So, what I did with the example above is a combo-move. I have the voice-over caption placed at the page turn. Could I have left it without the voice-over? Yes, but it wouldn’t have been as effective. I’d have to do something else in order to make sure that the reader knows that the scene is ended. I might have had to do some trickery, such as moving in to an extreme close-up of a body part, or have them beginning to lay down and have a black panel to end it, or have them beginning to lay down and leave the camera directly where it is, showing what they’re about to do, or

There are tons of variations that can be done with the simple ending of a scene in order to effect a transition, as you can see. Like I said, the voice-over caption is the easiest.

There are different types of transitions, as well. I’ve spent most of the time here speaking about scene-to-scene transitions, but there are five more to be accounted for. To fall back on Scott McCloud for a little bit, you have subject-to-subject, where you have different subjects within the same scene. This is your typical panel-to-panel transition within the scene. It is almost unconscious, because this is the base of everything that we do.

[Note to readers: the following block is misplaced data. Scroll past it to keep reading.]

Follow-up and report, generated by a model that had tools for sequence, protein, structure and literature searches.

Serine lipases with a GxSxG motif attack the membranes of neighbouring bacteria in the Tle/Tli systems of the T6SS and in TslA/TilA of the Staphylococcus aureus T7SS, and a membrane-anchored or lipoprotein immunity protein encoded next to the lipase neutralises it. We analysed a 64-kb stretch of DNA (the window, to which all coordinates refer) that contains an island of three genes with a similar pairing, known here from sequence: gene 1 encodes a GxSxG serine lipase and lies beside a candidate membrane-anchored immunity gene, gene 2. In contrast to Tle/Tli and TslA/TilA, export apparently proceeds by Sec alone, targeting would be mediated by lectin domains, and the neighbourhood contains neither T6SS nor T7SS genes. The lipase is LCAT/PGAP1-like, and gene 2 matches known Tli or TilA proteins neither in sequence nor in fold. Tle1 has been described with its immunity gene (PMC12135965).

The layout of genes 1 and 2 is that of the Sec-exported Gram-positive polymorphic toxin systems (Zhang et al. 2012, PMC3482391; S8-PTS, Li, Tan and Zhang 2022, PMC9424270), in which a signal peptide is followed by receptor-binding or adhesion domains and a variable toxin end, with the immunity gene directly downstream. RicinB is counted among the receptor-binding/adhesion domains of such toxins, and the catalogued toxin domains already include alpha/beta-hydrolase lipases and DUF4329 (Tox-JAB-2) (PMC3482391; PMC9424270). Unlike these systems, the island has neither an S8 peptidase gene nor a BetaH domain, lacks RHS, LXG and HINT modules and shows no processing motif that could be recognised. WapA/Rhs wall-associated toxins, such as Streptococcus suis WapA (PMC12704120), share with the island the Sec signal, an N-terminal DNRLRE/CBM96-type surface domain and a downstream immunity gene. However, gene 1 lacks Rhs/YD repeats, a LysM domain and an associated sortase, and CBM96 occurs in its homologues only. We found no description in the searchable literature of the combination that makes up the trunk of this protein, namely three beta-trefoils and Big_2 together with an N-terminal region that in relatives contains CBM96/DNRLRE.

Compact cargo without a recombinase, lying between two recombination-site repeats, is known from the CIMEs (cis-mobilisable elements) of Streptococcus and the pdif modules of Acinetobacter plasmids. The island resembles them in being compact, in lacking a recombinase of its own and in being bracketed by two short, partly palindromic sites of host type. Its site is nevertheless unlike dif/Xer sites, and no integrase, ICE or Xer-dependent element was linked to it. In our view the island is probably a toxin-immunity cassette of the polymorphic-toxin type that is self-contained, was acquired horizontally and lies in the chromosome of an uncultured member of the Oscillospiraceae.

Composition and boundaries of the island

You have the non-sequitur, where there is no obvious connection between the images in consecutive panels. You’re hardly ever going to see this in comics.

There is action-to-action, which is where the same subject is shown in a sequence of different yet connected actions. This is different from moment-to-moment transitions in that there is a larger lapse of time between panels.

Moment-to-moment transitions are consecutive panels showing the same subject in a sequence of different moments with a small lapse of time between panels.

Then there is aspect-to-aspect, where you have panels showing different elements of concept, mood, or place. The evocation of feelings or thoughts is more important here, and the time and space between each panel can be wildly different.